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The U.S. Supreme Court’s recent top-two primary ruling was gift-wrapped by the Washington State Grange to look like a blanket primary.
With respect to Erwin Gemmer, his recent letter concerning vaccinations is highly misleading and in some cases completely wrong. Vaccinations have been responsible for saving hundreds of thousands of lives. Contrary to his assertion, most of the diseases did not see a drastic decline until after we started vaccinating against those diseases.
“If you are an Independent, then I am the Angel Gabriel,” writes Earl P. Otto of Bremerton.
The North Kitsap School District is doing an awful lot of belt-tightening lately. State and federal funding is dwindling, and what little money the district does receive comes with so many strings that choice is taken away from the district as to how to use the money.
The people who wrote our state constitution were pretty smart. They had watched other western states adopt constitutions — some better than others — and they were very savvy about how to write a constitution that protects the public interest.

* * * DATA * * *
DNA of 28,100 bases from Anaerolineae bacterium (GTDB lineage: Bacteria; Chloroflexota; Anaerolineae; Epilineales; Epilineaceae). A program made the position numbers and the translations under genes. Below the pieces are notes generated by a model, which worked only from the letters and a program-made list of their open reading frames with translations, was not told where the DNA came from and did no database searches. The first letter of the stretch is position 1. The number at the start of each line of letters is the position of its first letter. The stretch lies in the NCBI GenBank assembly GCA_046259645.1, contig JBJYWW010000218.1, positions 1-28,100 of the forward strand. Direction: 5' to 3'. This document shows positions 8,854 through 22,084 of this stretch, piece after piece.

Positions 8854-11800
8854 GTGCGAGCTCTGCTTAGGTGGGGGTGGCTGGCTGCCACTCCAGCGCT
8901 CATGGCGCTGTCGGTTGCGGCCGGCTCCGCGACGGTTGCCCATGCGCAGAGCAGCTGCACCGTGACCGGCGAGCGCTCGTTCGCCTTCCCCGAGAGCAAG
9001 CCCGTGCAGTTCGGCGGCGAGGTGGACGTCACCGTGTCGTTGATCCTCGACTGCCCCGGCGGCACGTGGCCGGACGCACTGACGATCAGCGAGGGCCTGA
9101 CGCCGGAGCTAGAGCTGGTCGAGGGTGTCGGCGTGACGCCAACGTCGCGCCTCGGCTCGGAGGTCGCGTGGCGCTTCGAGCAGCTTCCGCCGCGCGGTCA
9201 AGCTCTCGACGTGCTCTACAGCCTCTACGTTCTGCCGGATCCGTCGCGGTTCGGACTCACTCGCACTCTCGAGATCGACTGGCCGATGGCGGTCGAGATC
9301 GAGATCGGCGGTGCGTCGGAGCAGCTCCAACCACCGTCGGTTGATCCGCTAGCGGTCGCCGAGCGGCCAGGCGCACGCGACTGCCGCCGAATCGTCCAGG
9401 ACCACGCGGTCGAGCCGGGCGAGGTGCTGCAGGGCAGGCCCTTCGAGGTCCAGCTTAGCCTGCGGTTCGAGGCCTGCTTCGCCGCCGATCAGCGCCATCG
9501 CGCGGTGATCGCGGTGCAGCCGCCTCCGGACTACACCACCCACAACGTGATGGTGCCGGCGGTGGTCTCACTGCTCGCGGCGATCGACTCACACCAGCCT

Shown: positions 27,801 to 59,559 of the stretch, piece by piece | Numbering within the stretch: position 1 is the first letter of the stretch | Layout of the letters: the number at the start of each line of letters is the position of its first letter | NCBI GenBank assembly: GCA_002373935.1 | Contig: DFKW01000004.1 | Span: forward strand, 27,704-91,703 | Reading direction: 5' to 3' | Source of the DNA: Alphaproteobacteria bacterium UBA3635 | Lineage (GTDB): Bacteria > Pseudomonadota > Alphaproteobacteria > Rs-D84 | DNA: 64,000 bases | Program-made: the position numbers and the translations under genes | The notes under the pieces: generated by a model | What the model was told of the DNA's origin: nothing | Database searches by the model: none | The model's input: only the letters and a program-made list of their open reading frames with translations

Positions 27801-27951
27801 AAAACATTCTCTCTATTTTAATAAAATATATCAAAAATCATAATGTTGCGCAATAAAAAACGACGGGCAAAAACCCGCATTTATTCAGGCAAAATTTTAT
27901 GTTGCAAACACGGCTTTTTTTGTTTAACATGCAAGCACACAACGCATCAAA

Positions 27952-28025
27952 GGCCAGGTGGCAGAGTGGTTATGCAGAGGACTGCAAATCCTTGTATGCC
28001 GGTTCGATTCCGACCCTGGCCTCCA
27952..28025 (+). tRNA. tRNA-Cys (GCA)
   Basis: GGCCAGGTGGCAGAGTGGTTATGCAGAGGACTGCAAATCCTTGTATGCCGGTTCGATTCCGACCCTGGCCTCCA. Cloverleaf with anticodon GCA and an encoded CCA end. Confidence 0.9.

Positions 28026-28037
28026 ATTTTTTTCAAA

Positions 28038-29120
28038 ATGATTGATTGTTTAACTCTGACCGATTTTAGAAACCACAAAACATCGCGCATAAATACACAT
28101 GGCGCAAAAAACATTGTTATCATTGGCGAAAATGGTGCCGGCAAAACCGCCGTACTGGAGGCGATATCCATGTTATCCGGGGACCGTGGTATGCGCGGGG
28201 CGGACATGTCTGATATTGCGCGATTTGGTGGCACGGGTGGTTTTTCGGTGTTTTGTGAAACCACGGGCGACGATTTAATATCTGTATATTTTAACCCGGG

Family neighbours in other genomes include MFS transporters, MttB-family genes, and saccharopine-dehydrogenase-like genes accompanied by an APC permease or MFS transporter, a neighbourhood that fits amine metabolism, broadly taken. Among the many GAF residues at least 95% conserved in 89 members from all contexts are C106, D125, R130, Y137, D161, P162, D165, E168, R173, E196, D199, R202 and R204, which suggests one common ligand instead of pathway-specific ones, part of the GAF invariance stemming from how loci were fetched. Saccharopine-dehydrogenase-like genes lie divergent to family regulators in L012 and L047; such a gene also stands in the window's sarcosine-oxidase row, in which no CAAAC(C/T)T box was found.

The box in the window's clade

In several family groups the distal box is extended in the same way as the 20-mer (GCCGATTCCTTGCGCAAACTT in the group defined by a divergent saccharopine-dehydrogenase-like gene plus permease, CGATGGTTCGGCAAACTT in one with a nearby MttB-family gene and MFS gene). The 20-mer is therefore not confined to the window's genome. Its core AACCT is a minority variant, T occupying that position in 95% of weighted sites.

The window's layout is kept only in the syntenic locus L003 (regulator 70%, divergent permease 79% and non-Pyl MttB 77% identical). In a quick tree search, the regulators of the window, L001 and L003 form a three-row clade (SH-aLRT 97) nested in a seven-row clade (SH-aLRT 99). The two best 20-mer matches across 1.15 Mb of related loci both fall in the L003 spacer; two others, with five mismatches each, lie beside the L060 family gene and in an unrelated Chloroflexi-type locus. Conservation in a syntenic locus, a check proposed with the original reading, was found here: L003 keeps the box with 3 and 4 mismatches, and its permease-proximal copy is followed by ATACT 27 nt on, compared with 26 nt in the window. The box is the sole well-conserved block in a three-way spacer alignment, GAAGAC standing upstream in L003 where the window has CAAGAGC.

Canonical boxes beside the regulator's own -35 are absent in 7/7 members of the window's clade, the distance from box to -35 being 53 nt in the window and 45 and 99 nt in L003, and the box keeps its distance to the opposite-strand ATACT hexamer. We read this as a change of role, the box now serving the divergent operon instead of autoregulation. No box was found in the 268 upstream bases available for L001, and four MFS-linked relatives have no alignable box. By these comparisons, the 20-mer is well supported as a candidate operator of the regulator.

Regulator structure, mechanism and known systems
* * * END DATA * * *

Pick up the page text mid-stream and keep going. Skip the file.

I confess I was surprised — although pleasantly so — when the state Legislature rejected the idea of naming the new Tacoma Narrows Bridge after the late Sen. Bob Oke.
Soundoff is a public forum. Articles are selected from letters to the editor or may be written specifically for this feature. Today, Port Orchard resident Anthony Johnston responds to a recent story in the Port Orchard Independent featuring a teen-aged, unwed mother and her belief that others were being unfairly critical of her.
Washington’s water law is probably the most complicated set of statutes we have. The root is in the state’s water code enacted in 1917; and the fact that the waters of Washington State collectively belong to the public and may not be owned by any individual or organization.
It’s going to be interesting to see whether those Democrats who were so offended by the way King County beat Republican Dino Rossi out of election for governor will stand by their 2004 vows to atone for it the second time around.